Origins (Vincent Zeng and Chris Martens) is a choice-based piece, a slice-of-life thing in which two characters act simultaeneously. It is very short – a single playthrough takes a minute or two.
Origins features two characters, a runner and a bike courier, traveling in close proximity and with the same destination. It’s a rainy day, and negotiating the city streets involves many small impediments. Depending on your actions, one or the other may miss the delivery window for the courier’s package. There is a lost dog in the area, which may interact with one or both of the characters. As far as I can work out, its form is a naively branching time cave, without rejoining branches.
In talking about A dark and stormy entry, I said this:
Rather, the time cave is the result of authorial interest in broad, open possibility.
Very often, the structure of a CYOA reflects its attitude towards freedom vs. constraint, escapism vs. trap. Time caves – heavily-branching structures without substantial rejoining and with many endings – typically reflect an excitement about open possibility, with stories flying off in crazy directions. Different branches often occupy wholly different realities. Here, however, it’s about the small knock-on effects of small decisions, and grounded in a single, mundane reality.
Games in which two or more characters are controlled at once by the same command input are a well-established concept. In platformers, 2D map games and the like, it’s often a purely mechanical element: the PCs act alike because they are alike, and the twist comes from the possibility opened up by their different positions. Another tack has been controlling analogous action of two very different PCs in different worlds, as exemplified by What Linus Bruckman Sees When His Eyes Are Closed; in IF, you’ve got JB Ferrant’s Works of Fiction and this comp’s Raik.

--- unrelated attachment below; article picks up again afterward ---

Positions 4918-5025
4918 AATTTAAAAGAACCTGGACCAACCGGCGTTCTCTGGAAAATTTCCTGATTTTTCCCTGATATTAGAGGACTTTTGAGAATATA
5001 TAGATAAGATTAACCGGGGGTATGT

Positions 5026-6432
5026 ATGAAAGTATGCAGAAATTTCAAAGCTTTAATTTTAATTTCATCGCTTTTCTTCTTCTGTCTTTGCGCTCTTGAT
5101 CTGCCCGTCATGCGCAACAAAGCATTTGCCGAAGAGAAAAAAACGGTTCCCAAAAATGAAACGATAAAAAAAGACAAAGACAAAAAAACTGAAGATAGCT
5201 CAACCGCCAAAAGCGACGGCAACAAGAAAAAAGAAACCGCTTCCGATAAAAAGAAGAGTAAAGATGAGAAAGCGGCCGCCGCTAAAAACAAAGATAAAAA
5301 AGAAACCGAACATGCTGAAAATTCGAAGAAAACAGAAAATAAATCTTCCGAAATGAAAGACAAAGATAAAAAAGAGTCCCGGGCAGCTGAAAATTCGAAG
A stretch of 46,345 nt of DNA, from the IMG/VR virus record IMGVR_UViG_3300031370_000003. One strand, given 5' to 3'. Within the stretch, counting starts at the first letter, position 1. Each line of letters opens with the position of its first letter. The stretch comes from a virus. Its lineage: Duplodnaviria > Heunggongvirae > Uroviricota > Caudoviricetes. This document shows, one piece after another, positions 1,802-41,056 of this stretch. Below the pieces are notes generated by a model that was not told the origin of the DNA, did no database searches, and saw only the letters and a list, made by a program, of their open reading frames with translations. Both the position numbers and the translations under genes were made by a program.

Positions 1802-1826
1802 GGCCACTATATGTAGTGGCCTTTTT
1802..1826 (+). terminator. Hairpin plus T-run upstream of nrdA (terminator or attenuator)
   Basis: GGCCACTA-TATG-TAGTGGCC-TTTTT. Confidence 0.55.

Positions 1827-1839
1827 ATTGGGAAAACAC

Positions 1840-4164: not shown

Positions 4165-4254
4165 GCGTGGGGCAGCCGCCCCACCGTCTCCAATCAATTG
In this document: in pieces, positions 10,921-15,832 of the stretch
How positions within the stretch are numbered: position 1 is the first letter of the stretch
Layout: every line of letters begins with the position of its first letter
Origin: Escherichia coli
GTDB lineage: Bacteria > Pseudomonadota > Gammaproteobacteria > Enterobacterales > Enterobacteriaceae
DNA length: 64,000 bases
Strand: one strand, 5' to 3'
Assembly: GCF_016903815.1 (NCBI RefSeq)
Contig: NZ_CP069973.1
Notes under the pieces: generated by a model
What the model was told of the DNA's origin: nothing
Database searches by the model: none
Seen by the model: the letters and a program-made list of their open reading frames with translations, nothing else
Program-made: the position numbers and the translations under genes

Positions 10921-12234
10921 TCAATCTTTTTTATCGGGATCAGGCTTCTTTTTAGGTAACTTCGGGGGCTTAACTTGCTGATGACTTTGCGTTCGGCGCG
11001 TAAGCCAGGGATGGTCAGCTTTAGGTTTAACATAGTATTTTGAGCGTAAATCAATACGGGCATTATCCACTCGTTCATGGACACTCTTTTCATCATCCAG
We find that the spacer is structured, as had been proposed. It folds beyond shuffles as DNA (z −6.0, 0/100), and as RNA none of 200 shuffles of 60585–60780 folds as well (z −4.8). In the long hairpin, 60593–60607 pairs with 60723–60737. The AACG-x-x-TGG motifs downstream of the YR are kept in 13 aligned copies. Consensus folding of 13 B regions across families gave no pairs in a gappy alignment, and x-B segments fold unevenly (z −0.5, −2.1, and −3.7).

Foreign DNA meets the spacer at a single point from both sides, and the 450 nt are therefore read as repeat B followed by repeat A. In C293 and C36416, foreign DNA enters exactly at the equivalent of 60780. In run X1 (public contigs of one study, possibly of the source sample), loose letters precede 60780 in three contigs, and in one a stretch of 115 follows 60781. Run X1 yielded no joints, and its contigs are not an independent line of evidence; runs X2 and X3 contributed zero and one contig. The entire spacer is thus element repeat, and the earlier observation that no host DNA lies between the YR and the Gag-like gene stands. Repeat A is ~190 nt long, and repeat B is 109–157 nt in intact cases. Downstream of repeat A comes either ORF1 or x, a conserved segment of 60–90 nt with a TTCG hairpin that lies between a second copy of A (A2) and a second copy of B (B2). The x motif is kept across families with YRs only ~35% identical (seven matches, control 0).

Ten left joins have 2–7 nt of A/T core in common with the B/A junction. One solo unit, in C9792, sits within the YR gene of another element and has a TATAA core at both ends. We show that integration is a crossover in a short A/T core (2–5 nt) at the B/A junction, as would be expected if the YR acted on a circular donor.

Like Works of Fiction, Origins displays its output in two parallel panes. The difference is that Works has only one set of input – trying to interact directly with the right-hand, fantastic reality doesn’t work, and you have to direct action in it by interacting with the left-hand world. In Origins, there’s no fantastic element, the two characters occupy the same world, and commands can be issued through either. There is very little difference between them, either stylistically or with respect to their situation and decisions.
Origins is not quite a tech demo, and its prose is quietly capable, but it does seem intentionally limited content-wise. It’s a decent representation of the cognitive tunnel vision of mid-distance cardio, of Being In The Zone, of having the world narrow down to a small set of simply-negotiated decisions. The flowy nature of hyperlink CYOA is a good match for that state, and I don’t think I’ve seen that highlighted in a game before. (It helps, I confess, that I played this on a gloomy autumn morning after a night of heavy rain, with legs itching for exercise.)
This aside, it’s very slight. The characters are boiled down to a very simple, immediate kind of agency, with the rest of their personalities and lives elided. Some of the choices involve weighing consideration for others against one’s own pressing needs and annoyance – the courier, in particular, has a number of chances to act like an asshole – but it’s all very lightly treated. The rain’s a none-too-subtle signifier for this: rain obscures and washes away, moments will be lost in time.
I approve of experiments, but the kind of experiment I approve of most is that which stands up on its own as more than a conceptual example – particularly if we already have closely-related examples. This is a general style of experiment which is pretty cool every time someone tries it, but I mostly want to see it treated as a baseline, a taken-for-granted approach to build something on.
Still, for a bagatelle it’s capably-executed and doesn’t outstay its welcome.